Shareholder meetings, which the SEC requires annually, used to be a time to conduct real business. Shareholders and the board took on relatively mundane tasks. They ratified directors and audits, reviewed share ownership, discussed executive compensation, and the like. But while no one was looking, impact investors and political activists realized they could use this corner of the business world to their advantage. Slowly but surely, they began pushing companies to take actions outside their scope. Shareholder meetings went from a place of business-oriented tasks to one of unnecessary political statements.
Amazon: Change Over Time
Take Amazon as an example. While the company was wildly successful in 2010, in hindsight it was only the beginning. To see how they’ve changed over time, we compared their materials from the 2010 meeting to 2020. The difference is stark.
In 2010, Amazon’s proxy statement was 28 pages and covered business processes and procedures. They reviewed the ratification of the company’s independent auditor, discussed whether they should require disclosure of corporate political contributions, and considered share ownership and executive compensation. Ten years ago, there were only two shareholder proposals on the docket to review.
Fast forward to 2020, when Amazon’s proxy statement was 75 pages and contained 12 shareholder proposals to review. A majority of them were related to political causes. They considered environmental impact, immigration issues, gender and minority demographics, ideological discrimination, and social justice. Notably, most of these impact investors’ and activists’ proposals offered scant consideration of Amazon’s profitability or business model.
Only two of the 12 proposals were about something other than social, political or environmental initiatives. Those two business-focused proposals were:
- A proposal to decrease the threshold from 30% to 20% to call a special meeting (outside of the company’s annual meeting), and
- A proposal to require an independent chair of the board of directors, which would effectively remove Jeff Bezos as the Chair of the Board of Directors.
When Ideology Trumps Customer Service
It is a slippery slope when businesses feel they must make political statements or take stances on social issues. For example, Amazon joined the “We Are Still In” campaign after President Trump pulled out of the Paris Climate Accord. However, Amazon also gave funding to the Competitive Enterprise Institute, which disputes climate change science. Supporting both these efforts may help Amazon’s business: just because CEI has a different opinion on climate change doesn’t mean they don’t offer value in other ways. But climate activist groups like Majority Action don’t care about the nuance, or about Amazon’s business strategy. The fact that Amazon gives to CEI, even while supporting climate action, is enough to spark accusations of hypocrisy. Enough of those accusations might lead, for example, to a Twitter firestorm that causes Amazon to pull the plug on CEI — even if the relationship is good for their business.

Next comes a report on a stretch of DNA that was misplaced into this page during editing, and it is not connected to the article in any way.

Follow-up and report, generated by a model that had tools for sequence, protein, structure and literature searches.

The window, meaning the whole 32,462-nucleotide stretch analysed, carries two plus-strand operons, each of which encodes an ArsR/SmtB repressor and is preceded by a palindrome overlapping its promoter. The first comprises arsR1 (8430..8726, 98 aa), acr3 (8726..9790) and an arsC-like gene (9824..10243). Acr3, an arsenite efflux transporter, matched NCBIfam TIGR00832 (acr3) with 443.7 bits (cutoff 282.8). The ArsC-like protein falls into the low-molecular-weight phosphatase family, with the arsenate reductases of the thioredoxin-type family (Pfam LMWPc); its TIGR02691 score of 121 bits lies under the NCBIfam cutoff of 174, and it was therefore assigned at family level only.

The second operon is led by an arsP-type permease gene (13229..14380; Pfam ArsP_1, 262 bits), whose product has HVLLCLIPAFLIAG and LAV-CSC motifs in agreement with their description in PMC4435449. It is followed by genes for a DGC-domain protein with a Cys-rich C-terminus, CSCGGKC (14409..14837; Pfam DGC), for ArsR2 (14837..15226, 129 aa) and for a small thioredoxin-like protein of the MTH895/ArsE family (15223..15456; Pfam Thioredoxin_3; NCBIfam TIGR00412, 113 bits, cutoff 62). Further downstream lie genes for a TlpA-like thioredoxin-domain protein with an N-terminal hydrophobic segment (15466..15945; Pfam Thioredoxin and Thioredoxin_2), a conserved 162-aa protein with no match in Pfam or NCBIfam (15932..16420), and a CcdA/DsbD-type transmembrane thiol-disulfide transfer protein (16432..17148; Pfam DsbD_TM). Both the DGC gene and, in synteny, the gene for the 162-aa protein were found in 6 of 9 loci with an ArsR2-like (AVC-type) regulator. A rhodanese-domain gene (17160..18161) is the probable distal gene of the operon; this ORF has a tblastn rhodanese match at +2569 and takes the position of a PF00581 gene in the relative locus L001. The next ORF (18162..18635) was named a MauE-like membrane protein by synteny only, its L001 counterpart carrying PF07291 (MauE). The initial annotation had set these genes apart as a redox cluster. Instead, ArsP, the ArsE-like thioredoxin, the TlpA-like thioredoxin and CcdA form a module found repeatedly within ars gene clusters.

Additionally, Amazon has invited controversy with its AmazonSmile program. Amazon has contracted with the Southern Poverty Law Center (SPLC) to decide which charities are eligible for inclusion on its platform. But SPLC is a known partisan organization, which has deemed mainstream Christian and conservative charities “hate groups.” It’s clear that in giving SPLC so much power over its charity selection, Amazon has tacitly, even if unintentionally, engaged in ideological discrimination against the views of many of its customers.
Better for Business
While philanthropy and community support in business is a good thing, it can also lead to reputational risk. Nonprofits that a company decides to support must jive with the campaigns that they back and whom they choose to do business with. If there are contradictions between a company’s policy and practice, it can quickly degrade stakeholder relationships and consumer trust. And if companies demonstrably care about impact investors than their customers, trust will degrade even more quickly.
As a society, it is critical that we allow businesses to do what they do best—business. When companies focus on short-term political or cultural whims, they ignore their primary responsibility: producing high quality products and maximizing the return on investment for their shareholders. Companies that focus exclusively on their core free-market missions don’t marginalize groups or individuals. And in doing so, they reduce risk and increase returns that benefit everyone.